The hypersensitivity reaction can occur within minutes, few hours, days, months or more commonly, years after the sensitization dose of vitamin B12 [9]. In our patient, she tolerated her first dose of intramuscular cyanocobalamin. However, it sensitized the patient. When the patient was given her second dose of cyanocobalamin intramuscularly a week later, an anaphylactic reaction was induced due to type I hypersensitivity. Once the patient was switched to oral vitamin B12, she tolerated it very well and experienced no side effects. After few months of treatment with oral vitamin B12, her condition improved, and her hemoglobin normalized. The reason for tolerating the oral preparation of vitamin B12 can be explained by the absence of carryout impurities or any preservatives in oral preparations of vitamin B12.


Only a few cases of anaphylactic reaction after intramuscular injection of cyanocobalamin have been reported. The purpose of this case report is to highlight the need to understand the rare life-threatening side effect of intramuscular cyanocobalamin. Health care providers should be watchful while administering the intramuscular injection of cyanocobalamin to vitamin B12 deficient individuals.


  1. Herrmann W, Obeid R: Causes and early diagnosis of vitamin B12 deficiency (Article in German). Dtsch Arztebl Int. 2008, 105:680-685. 10.3238/arztebl.2008.0680
  2. Langan RC, Zawistoski KJ: Update on vitamin B12 deficiency. Am Fam Physician. 2011, 83:1425-1430.
  3. Devalia V, Hamilton MS, Molloy AM: Guidelines for the diagnosis and treatment of cobalamin and folate disorders. Br J Haematol. 2014, 166:496-513. 10.1111/bjh.12959
  4. Lagerholm B, Lodin A, Gentele H: Hypersensitivity phenylcarbinol preservative in vitamin B12 for injection. Acta Allergol. 1958, 12:295-298. 10.1111/j.1398-9995.1958.tb03085.x
  5. Bedford PD: Side-effects of a preparation of vitamin B12. Br Med J. 1952, 1:690. 10.1136/bmj.1.4760.690
  6. Hovding G: Anaphylactic reaction after injection of vitamin B12. Br Med J. 1968, 3:102. 10.1136/bmj.3.5610.102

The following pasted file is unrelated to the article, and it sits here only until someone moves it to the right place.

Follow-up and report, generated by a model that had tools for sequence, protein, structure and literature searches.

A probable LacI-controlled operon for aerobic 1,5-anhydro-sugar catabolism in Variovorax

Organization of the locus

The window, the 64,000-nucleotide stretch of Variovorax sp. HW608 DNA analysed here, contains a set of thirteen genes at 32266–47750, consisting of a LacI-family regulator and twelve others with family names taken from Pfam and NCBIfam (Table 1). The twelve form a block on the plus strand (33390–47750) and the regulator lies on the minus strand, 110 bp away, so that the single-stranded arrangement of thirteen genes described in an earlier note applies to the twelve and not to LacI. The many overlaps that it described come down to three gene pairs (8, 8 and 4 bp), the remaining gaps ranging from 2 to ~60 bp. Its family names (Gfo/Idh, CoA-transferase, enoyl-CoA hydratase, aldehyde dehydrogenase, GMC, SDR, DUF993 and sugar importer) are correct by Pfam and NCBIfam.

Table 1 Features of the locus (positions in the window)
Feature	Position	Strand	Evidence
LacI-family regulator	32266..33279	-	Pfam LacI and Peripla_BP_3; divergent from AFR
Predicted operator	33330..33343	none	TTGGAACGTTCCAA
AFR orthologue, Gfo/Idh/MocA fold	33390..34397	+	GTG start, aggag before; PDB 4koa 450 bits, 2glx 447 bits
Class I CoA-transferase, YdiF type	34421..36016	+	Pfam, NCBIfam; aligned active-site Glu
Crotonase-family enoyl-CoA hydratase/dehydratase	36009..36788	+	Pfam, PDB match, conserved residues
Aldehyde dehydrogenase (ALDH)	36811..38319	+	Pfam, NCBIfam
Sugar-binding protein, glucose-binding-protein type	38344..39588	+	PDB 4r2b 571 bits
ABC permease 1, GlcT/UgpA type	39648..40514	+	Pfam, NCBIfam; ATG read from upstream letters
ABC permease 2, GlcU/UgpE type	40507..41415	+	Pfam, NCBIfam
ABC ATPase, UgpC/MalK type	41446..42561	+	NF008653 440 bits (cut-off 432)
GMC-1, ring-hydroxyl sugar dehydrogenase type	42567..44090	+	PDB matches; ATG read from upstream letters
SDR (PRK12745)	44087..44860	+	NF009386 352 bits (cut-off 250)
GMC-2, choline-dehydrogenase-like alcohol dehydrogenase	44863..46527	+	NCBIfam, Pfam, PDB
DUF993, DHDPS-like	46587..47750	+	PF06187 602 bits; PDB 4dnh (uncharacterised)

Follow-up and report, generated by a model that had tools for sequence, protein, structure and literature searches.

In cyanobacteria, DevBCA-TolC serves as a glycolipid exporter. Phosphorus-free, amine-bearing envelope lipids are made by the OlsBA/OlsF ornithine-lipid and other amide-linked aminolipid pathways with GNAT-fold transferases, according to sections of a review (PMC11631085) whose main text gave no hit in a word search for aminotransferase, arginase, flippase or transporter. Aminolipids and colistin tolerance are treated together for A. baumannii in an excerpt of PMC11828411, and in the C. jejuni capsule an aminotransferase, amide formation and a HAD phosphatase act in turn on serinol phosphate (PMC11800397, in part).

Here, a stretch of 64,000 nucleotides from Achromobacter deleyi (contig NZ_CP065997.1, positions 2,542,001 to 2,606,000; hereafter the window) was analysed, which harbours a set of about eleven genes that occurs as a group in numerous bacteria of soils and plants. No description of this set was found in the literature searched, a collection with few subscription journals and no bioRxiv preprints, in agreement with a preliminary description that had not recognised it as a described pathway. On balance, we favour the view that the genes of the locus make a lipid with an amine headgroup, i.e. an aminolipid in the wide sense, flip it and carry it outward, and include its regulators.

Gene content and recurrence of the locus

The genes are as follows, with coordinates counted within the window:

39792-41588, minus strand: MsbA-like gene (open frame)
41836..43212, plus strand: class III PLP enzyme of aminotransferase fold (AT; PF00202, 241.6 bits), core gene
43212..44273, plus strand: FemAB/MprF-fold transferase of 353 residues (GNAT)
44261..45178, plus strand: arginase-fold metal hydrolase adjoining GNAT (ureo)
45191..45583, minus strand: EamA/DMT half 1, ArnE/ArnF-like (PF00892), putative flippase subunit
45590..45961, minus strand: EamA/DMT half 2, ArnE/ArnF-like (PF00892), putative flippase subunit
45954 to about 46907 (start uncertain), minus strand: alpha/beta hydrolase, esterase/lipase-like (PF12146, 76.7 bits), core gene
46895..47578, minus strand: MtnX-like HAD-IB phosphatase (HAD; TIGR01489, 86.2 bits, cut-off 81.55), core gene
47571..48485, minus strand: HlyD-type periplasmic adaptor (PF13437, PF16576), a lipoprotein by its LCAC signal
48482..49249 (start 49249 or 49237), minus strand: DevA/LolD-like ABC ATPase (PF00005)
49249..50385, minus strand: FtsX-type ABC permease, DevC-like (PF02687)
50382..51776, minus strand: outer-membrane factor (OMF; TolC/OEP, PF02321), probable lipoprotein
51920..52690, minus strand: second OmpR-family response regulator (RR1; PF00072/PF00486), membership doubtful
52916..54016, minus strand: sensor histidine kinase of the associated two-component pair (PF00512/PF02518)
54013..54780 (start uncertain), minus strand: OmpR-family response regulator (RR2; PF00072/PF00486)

7. James J, Warin RP: Sensitivity to cyanocobalamin and hydroxocobalamin. Br Med J. 1971, 2:262. 10.1136/bmj.2.5756.262
  8. Lipton MM, Steigman AJ: Tuberculin type of hypersensitization to crystalline vitamin B-12 (cyanocobalamin) induced in guinea pigs. J Allergy. 1963, 34:362-367. 10.1016/0021-8707(63)90054-6
  9. Ugwu CN, Gibbins FJ: Anaphylactic reaction to vitamin B 12 appearing after several years of therapy. Age Ageing. 1981, 10:196-197. 10.1093/ageing/10.3.196

Case report

Anaphylactic Reaction to Cyanocobalamin: A Case Report

Author Information

Muhammad Wajih Ullah Corresponding Author

Cardiology, Mayo Clinic, Rochester, USA

Afshan Amray

Internal Medicine, Dow Medical College, Dow University of Health Sciences (duhs), Karachi, PAK

Aisha Qaseem

Internal Medicine, Ziauddin Medical University, Karachi, PAK

Tariq Siddiqui

Internal Medicine, Maharashtra Institute of Medical Education & Research, Talegaon, IND

Temoor Naeem

Internal Medicine, Fauji Foundation Hospital, Rawalpindi, Punjab, PAK

Ethics Statement and Conflict of Interest Disclosures

Human subjects: Consent was obtained by all participants in this study. Conflicts of interest: In compliance with the ICMJE uniform disclosure form, all authors declare the following: Payment/services info: All authors have declared that no financial support was received from any organization for the submitted work. Financial relationships: All authors have declared that they have no financial relationships at present or within the previous three years with any organizations that might have an interest in the submitted work. Other relationships: All authors have declared that there are no other relationships or activities that could appear to have influenced the submitted work.